Posts Tagged ‘ Growing up ’

The Perfect Job for a Caveman is…

A writer.

Caveman comic *Google images

And that’s the problem; I’m no troglodyte. Instead I work a lot, trying to take care of myself and Mr. Fluffy (My imaginary cat friend who only exists in the very depths of my lonely soul). Rent is high (Too damn high!) and it seems like selling my liver might be the only aperture into middle class comfort. My schedule is horrendous, limiting the amount I write, maintaining this dilapidated blog, play TOR (In which I have become homesick after leaving Coruscant), and to socialize in my niche of half-baked friends.

11 am– I get up and “dress for success”.
12-1 pm– My usual biking adventure through 107 degree weather.
2 pm– Work
3 pm– Work
4 pm– Work
5 pm– Work
6 pm– Lunch!
6:30 pm– Back to work
7 pm– Work
8 pm– Work
9 pm– Work
10 pm– Work
10:30 pm– When the heavens sing and I make my way back to my rest chamber.
11 pm– I get a shower while responding back to the flooding of late texts
12 am – 3 am– After procuring a case of writers block, I stare at a blank page of nothingness, falling asleep to await the rinse-and-repeat process of the next day.

Perhaps a few nights of self-induced insomnia could allow me to finish the book that I am writing in the alloted time my procrastination is off shift.

The Rise of the Titans will surely be published soon…only delayed for another eight years hopefully.

The Woes of Moving-Out

I’ll be living on my own.

The very sound of that terrified me. I said it, I wanted it, and now I have it, but what it took was more than having the funds of a young Tony Stark. I had…connections. (*Spoken in italian accent*)

Before then, I was contemplating the possibility of a studio apartment, since my film production company is in it’s infancy I needed all the room I could get, but time was against me. Days passed and I wasn’t sure what I was to do, apartments were denying my application due to the lack of credit history, regardless of my $25,000 a year salary. I was subjected to begin thinking about creating a comfy abode under a bridge, until my friends helped me get on my feet and find a small, two-bedroom residence in the other half of his duplex.

It was excited to say at the least. I wouldn’t have to do chores everyday, I could live like I was my own boss without rules or the prosecution of laziness, I would be able to play Halo in 15 hour stretches and not get my butt lit on fire.

Until I actually got it.

I realized time was getting shorter and less available to fit in recreational  activities. Not only that but the process of getting furniture was the equivalent of catching Legendary Pokemon. I was calling in multiple days at a time to get situated (like I minded), my Evernote account was on grocery-list overdrive, and my mind was overwhelmed on how much it would take to even live comfortably. My days consisted of:

I need soap.
Why did I forget soap?
Dang, towels too.
No toilet paper? Wish I had a towel.
Guess I could use my hand–wait, no soap.
Beans for breakfast…okay.
Beans for lunch…
Beans and veggies for dinner…
No can opener?
Just beans then.
I would get ice-cream, but no ramen.
No microwave, gotta’ put that on the list.
Cleaning utensils! Can’t forget that…
I wish I had a sofa…
I could use my bed…
I FORGOT BEDDING!
Where the heck am I going to put all this trash?
My place smells like old man. Fabreeze would be handy…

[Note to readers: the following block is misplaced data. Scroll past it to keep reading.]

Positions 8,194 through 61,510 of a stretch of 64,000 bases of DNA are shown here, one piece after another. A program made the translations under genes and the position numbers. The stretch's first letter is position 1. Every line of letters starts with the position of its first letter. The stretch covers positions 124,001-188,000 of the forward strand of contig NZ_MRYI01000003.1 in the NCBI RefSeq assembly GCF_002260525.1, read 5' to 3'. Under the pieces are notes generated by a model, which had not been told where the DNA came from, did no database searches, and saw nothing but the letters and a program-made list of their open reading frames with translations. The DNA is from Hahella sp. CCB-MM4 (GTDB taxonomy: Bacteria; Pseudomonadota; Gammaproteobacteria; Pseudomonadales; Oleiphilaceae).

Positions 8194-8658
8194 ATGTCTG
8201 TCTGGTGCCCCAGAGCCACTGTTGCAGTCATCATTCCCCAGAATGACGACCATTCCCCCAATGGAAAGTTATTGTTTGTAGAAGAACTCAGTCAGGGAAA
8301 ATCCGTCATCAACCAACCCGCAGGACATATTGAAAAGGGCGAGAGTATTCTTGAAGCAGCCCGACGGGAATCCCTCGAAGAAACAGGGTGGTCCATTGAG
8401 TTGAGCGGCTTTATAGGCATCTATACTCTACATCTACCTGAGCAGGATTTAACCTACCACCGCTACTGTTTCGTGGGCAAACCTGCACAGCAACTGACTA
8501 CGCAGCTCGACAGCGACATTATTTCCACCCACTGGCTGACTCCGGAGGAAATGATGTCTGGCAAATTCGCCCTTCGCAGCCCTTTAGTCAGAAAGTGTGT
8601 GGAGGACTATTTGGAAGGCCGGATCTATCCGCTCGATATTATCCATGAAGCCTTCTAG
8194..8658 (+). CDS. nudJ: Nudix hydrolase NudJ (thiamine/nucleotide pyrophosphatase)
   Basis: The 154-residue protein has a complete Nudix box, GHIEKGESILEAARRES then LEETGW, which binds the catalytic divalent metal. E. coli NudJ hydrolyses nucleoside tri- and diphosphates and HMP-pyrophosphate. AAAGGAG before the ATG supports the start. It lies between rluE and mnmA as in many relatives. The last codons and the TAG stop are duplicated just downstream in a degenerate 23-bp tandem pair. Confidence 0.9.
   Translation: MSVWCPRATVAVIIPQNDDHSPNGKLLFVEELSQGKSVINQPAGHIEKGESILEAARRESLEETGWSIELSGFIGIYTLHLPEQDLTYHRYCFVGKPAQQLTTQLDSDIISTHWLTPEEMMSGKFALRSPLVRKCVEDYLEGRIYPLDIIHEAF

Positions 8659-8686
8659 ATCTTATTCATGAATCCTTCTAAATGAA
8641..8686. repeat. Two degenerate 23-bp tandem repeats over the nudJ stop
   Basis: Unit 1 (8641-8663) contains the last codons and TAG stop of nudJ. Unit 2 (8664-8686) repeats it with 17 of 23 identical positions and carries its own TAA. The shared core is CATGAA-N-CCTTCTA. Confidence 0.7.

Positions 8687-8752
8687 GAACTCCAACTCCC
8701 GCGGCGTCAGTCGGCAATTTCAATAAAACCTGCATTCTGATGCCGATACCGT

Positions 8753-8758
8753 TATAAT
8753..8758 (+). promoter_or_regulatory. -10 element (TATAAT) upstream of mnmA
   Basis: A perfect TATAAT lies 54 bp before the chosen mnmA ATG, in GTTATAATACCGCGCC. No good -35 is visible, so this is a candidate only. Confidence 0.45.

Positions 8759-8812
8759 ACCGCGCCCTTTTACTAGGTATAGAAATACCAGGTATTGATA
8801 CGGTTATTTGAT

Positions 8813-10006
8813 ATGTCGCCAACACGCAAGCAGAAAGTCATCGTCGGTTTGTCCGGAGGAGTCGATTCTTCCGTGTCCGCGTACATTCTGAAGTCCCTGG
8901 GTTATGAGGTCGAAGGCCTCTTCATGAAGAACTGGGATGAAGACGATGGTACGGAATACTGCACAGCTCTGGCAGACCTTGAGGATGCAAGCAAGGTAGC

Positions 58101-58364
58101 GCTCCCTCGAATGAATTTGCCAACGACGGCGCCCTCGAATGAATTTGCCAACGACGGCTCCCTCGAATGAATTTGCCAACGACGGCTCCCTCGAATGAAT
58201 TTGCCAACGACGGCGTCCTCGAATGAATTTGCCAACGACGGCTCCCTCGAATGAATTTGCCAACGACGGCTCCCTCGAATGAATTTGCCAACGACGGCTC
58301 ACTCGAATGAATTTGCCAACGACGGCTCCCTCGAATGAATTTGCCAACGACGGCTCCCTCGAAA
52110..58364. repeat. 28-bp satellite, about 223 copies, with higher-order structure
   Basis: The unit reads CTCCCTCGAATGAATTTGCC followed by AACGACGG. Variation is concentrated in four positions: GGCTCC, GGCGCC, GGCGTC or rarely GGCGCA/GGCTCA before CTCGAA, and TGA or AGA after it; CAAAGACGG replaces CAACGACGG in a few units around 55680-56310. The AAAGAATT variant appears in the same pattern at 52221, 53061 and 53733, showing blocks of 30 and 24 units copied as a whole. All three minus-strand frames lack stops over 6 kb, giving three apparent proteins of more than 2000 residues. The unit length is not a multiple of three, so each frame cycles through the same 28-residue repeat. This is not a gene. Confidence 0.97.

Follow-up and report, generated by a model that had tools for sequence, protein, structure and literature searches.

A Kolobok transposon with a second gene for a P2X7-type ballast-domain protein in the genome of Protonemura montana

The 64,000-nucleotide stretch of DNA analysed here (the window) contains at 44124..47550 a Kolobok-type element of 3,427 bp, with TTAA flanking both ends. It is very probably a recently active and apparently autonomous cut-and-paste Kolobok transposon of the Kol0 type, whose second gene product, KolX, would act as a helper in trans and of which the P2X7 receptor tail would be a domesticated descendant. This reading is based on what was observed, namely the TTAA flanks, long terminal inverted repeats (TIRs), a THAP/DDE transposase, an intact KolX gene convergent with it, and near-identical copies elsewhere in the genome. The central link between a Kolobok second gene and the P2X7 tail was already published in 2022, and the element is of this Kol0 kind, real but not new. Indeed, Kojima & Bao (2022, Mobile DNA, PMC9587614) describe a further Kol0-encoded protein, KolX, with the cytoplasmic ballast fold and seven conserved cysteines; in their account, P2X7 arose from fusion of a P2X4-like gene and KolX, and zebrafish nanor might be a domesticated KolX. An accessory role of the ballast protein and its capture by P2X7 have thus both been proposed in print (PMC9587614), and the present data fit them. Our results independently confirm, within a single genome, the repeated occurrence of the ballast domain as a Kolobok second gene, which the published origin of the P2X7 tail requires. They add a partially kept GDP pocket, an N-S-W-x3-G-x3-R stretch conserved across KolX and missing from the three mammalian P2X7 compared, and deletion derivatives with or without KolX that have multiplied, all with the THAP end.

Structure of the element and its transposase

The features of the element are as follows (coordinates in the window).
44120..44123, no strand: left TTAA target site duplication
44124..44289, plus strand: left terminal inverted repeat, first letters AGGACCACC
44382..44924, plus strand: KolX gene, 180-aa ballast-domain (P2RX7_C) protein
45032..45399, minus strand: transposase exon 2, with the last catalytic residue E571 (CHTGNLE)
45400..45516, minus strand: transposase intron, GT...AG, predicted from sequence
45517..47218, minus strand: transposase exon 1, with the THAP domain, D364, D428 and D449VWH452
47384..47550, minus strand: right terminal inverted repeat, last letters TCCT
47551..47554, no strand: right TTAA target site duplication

I need a bath.
Right…no soap.
At least I have a toothbrush.
…Where’s the toothpaste?

I don’t know what I would’ve done without Evernote and Google Docs. The whole experience taught me a valuable lesson: even though you’re living on your own, doesn’t exactly mean you’ll be living any easier. It takes work and maturity to effectively manage everything from bills to preventing starvation.   And not to forget soap.

When Life Hits Ya’, It Leaves Bruises

What really happens when you turn 18.

Lethargic, ignorant, and possessed more knowledge about Halo than I did about American History; that was me at the age of 16. I was convinced that this “Golden Age” of not having any responsibilities was going to last, I could play with my Xbox for as long as I wanted, and the only function school served was for social gatherings. I was known at that time to not take things seriously (and sometimes I still am) so I blindly believed life would treat me well regardless.

Then I turned 18.

The day before I hopped on the train going 3mph, then all of a sudden it speeds up to around a hundred and I’m struggling to hold on. Everything else after that came faster than I was prepared for; I needed to get a job, I needed to start providing for myself, getting finances in control, learning to drive, getting my GED, and taking care of legal and government requirements. The time my schedule allowed only had room for work and studying, suddenly I longed for some time off to do something for myself.
I was now in the shoes of an adult…perhaps because I was one–and the transition was not comfy to say at the least.

If I could go back in time in warn myself of what was ahead I would be more prepared, I would have payed attention in school instead of writing so much, I would’ve gotten a job sooner, and read Checkbook Balancing for Dummies.
Now I see others going through the same thing. I see them sit around all day, doing nothing other than doing school work and playing. Not that these activities are bad in any way, but they don’t seem to have a desire to start preparing for the change that will come about. I can sympathize with the matter and I know that when life hits ’em, it’s going to hit hard.

I’m only on the first stepping stone in this journey and when the time comes to get my own house, marriage, and sustaining a family–I’ll be ready…hopefully.